Cinzia Iacovelli | November 5, 2012

They say that an image is worth more than a thousand words, and I couldn’t agree more. In that vein, we’d like to show you our enthusiasm over the European COMSOL Conference held in Milan, Italy earlier in October, through a slideshow of pictures from the event. We already thanked you in advance for making this our most-registered for event of the year. Now we want to thank you again with this slideshow.

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Bethany Moatts | November 2, 2012

I’m back on the blog with the latest installment in the Postprocessing and Visualization Videos series. The two-part video shown here covers “Basic Visualization”. Chapter 1 and 2 will give you an overview of COMSOL’s visualization tools so that you can optimize how you view your model, both while setting up your physics and while postprocessing. I explain two tricks in the video that I’d like to draw your attention to in particular.

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James Ransley | November 1, 2012

Since I joined COMSOL in 2010 I’ve presented about half a dozen webinars. Last week we held a webinar on Vacuum System Simulations and it was definitely the most fun webinar to-date. Historically, simulation has not been used extensively in the vacuum industry, so I was nervous that there wouldn’t be much interest in such a specialized topic.

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Fanny Littmarck | October 31, 2012

When you need to mix something at a very small scale you don’t reach for a teeny-tiny whisk. If you’re working with microscale biochemical applications you’d be more likely to rely on diffusion to mix fluids. With highly ordered laminar flow there is no turbulence involved, thus making diffusion a prime candidate for “getting the job done”. But what if you need to mix larger molecules? Larger molecules mean higher molecular weight, which in turn leads to very long equilibration […]

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Fanny Littmarck | October 30, 2012

What if this Halloween you could take your costume to the next level and turn yourself invisible? There are bounds of references to invisibility throughout fairy tales, folk lore, and pop culture. From capes and hats to cloaking devices, many fictional characters have been provided with a means for rendering themselves invisible. In the spirit of Halloween, let’s have a closer look at cloaking from a fictional and scientific stand-point.

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Fanny Littmarck | October 26, 2012

Out of all metals, the most frequently extruded is aluminum. Aluminum extrusion entails using a hydraulic ram to squeeze an aluminum bar through a die. This process will form the metal into a particular shape. Extruded aluminum is used in many manufacturing applications, such as building components for example. The process of shaping metal alloys, like aluminum, can be modeled using COMSOL Multiphysics.

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Phil Kinnane | October 25, 2012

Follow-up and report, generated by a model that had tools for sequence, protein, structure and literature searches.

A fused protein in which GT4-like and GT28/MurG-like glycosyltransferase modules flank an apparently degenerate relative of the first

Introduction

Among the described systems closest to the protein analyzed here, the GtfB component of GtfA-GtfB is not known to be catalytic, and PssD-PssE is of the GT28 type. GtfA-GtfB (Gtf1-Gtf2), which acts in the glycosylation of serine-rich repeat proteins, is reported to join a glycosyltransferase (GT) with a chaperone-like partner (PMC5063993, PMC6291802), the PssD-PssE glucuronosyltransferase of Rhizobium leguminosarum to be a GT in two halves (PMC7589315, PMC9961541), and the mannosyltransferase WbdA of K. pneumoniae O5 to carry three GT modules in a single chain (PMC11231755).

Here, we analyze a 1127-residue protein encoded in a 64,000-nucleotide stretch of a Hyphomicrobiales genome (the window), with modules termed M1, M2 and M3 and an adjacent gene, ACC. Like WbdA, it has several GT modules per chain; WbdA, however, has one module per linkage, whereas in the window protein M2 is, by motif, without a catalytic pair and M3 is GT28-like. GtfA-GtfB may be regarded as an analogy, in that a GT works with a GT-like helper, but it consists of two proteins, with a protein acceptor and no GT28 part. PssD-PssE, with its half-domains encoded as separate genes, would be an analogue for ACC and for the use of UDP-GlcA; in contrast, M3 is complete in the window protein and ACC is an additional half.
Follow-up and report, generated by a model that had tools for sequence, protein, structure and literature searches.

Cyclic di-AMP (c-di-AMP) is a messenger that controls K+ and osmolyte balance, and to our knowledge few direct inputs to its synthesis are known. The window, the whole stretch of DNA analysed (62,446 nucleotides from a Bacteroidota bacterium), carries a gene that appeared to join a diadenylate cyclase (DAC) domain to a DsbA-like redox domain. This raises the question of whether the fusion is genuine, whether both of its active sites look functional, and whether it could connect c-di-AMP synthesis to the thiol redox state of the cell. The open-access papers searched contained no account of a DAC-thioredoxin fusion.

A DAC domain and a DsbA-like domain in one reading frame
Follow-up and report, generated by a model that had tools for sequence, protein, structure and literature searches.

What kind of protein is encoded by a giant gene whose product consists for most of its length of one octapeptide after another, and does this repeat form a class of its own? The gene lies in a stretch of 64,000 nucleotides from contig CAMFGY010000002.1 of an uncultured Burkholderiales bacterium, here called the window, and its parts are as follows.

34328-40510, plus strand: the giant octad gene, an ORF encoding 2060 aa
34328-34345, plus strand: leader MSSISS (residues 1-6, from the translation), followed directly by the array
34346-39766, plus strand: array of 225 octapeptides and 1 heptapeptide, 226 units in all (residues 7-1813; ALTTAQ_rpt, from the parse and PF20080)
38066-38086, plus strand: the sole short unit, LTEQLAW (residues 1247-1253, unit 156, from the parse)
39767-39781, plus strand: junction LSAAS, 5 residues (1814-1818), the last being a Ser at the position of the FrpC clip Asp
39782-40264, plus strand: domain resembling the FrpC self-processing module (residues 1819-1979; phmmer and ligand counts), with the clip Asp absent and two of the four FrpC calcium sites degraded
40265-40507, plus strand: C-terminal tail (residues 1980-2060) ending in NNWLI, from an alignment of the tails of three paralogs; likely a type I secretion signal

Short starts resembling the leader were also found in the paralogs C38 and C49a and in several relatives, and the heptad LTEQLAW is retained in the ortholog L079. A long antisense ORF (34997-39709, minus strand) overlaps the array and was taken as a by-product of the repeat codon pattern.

AMD has a new architecture for their graphics cards called Graphics Core Next (GCN). Perfect for compute-intensive applications, the new W-series are optimized and guarantee ultimate performance for visualizing and working with geometries and complex models. COMSOL is proud to announce that we now support the new W5000 and W7000 AMD FirePro™ Graphics Cards. This continues the partnership we have with AMD that I highlighted in a previous blog post about AMD FirePro graphics cards.

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Fanny Littmarck | October 24, 2012

It’s no secret that there’s a lot of guesswork involved in oil production. Oil companies make “Big Money” decisions based on estimates – estimates with huge margins of error. What’s more, there is an incredible amount of risk involved, but with the potential for a large pay-off if all goes according to plan. The plan is based on “best guesses” and less than perfect data. Still, there are many big players in the oil industry that are doing very well […]

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Cinzia Iacovelli | October 23, 2012

When you work with multiphysics all day you tend to notice physics phenomena everywhere you go. For me, one such moment was when I was walking on the beach this past summer. I noticed that the sand appears whiter around a person’s feet than elsewhere. You may have noticed this too, and like I, wondered “why?” This phenomenon can be explained by the theory of poroelasticity.

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Lars Fromme | October 19, 2012

As you probably know by now, the European COMSOL Conference took place in Milan, Italy on October 10-12. As Phil has already mentioned in his blog posts, it was truly a remarkable event and I would like to share some of my impressions with you as well. This year’s program was packed with a wealth of very exciting presentations, training opportunities, and networking events.

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Phil Kinnane | October 18, 2012

As much as we would like to think that finite element analysis (FEA) is the be-all and end-all of simulations, it’s not true. There is also a camp of engineers out there that model integrated circuits and similar systems. These are based on different physics and equations than what FEA typically solves for. Yet, as is happening more and more in the world of virtual prototyping, the two types of simulations are converging. Now they need to integrate with each […]

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